We always love hearing about mamas who have a passion to help others. One such mama is Sydney Holland who recently founded the Sydney D. Holland Foundation, an organization that provides scholarships to improve the lives of at-risk youth and support the arts. Additionally, she’s the mom of a high-functioning four-year-old autistic daughter, as well as 16 month old twin sons, who is a big advocate for early autism testing with a focus on bringing the proper services and resources to underprivileged children and their families. Check out more about this inspiring mama in our latest interview:
Tell us about the Sydney D. Holland Foundation. How did it come about?
Giving back has always been important to me. My mom is a social worker, always volunteered, always invited anyone without a place (including many of her college students) to join our Thanksgiving dinners, and always taught us to give back. I’ve always loved art and creative pursuits, so I founded the Sydney Holland Foundation in 2012 with the mission to help those in need through education based programming. We’ve been able to contribute to organizations like A Place Called Home, which helps at-risk teens, Outdoor Outreach which helps provide outdoor education to kids, Music Cares, the Friendly House, and the UCLA Can Clinic, which provides help for people on the autism spectrum. As a mother, I am especially committed to helping families and kids, as it is our duty to help those less fortunate.
How do you balance your life as a mom with your the work you do at the Foundation?
It is not easy! I am very grateful to have a family that is helpful with my children. I also have a great support team and a great partner. I only attend a few functions per week and usually come home early. I eat healthy, exercise four times a week (my favorite classes are Box Union and Soul Cycle). I also try to sleep 8 hours a night (which doesn’t usually happen with three kids under age four). Lastly, I don’t drink and I am blessed with a lot of energy. When all else fails, sugar-free lattes come in handy!
You daughter has autism but is high functioning. Tell us how early autism testing helped your family.
My daughter is on the spectrum. She is very high functioning, due to early intervention. When she was diagnosed at age two, we got her involved with the Jasper program at UCLA, to a speech therapist five times a week, in occupational therapy and to work with a behaviorist. We also got her into the ECHIP program at UCLA which was a game changer for us. They work one-on-one with kids to help them with basic skills in a really compassionate and structured environment. I am committed to helping families who are unable to afford early autism screening by underwriting the costs of testing at UCLA’s CAN clinic. And I am also always willing to take a call or talk to anyone about my own journey, so we can help them with their own path.
What have you learned about autism for your experience?
The key learning is having early intervention. The minute you get a diagnosis is when you must start getting them the services they need. For my own daughter, we are really on top of monitoring her progress and providing her with the necessary support to develop. We still do occupational therapy twice a week, speech classes, and music classes. At home, we stick to a pretty structured routine, and give her lots of love and freedom to be who she is. She’s become quite the art and music fan as well, and loves singing.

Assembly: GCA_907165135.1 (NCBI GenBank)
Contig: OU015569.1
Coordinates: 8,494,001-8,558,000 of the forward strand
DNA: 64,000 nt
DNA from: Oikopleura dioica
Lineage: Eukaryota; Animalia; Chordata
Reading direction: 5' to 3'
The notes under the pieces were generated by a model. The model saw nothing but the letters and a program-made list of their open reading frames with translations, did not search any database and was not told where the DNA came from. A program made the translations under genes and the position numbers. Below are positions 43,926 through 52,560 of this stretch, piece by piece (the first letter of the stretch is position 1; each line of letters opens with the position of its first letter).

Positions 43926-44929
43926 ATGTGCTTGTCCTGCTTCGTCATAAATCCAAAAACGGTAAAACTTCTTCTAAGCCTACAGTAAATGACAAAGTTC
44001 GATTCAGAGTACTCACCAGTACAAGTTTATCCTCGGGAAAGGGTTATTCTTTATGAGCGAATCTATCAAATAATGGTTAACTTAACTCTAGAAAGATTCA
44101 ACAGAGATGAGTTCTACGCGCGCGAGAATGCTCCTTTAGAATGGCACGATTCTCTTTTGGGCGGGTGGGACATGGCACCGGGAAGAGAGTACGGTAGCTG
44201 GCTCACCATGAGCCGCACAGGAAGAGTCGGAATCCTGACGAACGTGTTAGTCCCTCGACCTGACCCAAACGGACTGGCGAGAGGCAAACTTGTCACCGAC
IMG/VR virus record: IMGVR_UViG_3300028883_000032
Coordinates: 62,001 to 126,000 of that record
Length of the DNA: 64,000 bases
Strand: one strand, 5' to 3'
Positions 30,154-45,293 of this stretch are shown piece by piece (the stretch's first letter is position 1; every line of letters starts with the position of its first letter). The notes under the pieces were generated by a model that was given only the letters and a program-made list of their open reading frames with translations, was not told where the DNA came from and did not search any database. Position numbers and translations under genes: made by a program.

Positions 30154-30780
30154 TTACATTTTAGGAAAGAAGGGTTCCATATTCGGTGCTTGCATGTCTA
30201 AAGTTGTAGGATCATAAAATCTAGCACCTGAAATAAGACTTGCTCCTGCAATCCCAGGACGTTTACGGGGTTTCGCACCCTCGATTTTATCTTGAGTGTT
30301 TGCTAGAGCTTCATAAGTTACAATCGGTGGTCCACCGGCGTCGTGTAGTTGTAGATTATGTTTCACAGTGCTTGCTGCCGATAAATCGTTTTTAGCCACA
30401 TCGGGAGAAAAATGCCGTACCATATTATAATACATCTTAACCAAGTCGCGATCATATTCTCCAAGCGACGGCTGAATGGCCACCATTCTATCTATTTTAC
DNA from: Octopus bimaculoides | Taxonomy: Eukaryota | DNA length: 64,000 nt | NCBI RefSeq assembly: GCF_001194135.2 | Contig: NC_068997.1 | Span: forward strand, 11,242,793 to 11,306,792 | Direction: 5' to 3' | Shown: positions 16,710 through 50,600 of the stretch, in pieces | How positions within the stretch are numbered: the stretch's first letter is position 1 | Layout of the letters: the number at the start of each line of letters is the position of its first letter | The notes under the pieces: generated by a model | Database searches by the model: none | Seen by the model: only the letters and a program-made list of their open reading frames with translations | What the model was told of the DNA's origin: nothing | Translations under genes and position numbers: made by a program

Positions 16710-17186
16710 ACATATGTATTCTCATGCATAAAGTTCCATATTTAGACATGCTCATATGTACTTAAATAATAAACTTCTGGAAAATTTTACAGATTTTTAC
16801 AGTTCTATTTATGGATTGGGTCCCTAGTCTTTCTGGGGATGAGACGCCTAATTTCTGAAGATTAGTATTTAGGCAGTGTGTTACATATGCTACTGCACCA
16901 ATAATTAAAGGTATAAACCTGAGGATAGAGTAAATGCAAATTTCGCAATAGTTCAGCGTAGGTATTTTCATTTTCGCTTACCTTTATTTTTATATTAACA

We heard that you’re a big art collector – how did you get into art?
Art has been one of my biggest passions, even as a young child. I loved acting in plays as a child and I took local art classes from as early as I can remember. My mom always took me to Balboa Park where we’d wander around the art museums. In my mid 30s, I started collecting, with my first piece being a Marilyn Minter photography. From there, I just completely immersed myself in art, I love studio visits with local artists, and am very involved with museums like the Hammer Museum, MOCA and the ICALA Museum. My latest paintings are from Wes Lang and Mary Corse. I mostly like collecting contemporary art and photography.
What are some of your non-negotiables as a working mom?
Family comes first. I make sure I am able to pick them up and drop them off at school at least three days a week, attend all important school functions, have dinner with them almost every night, and I try to tuck them all in every night and be there when they wake first thing with a kiss and the words I love you.
What are some of your goals for the year?
My biggest goals are to continue to be there first for family, to make sure everyone is healthy and thriving, and to continue to be of service to others.
What advice would you give to a mama who wants to get involved in charity work but feels that she doesn’t have the time, or even know how to start?
Being involved can come in many shapes and forms, so even if you can pitch in for a few hours and help stuff envelopes or make a connection to someone who can help, it will make a huge difference. Charities are usually understaffed and under-resourced, so any help is always appreciative. You can’t put a price on how good it feels to give.
Cherish every moment. They grow up fast.
Be flexible, and be present for your kids. They love undivided attention.
If something goes wrong, don’t confuse temporary for permanent.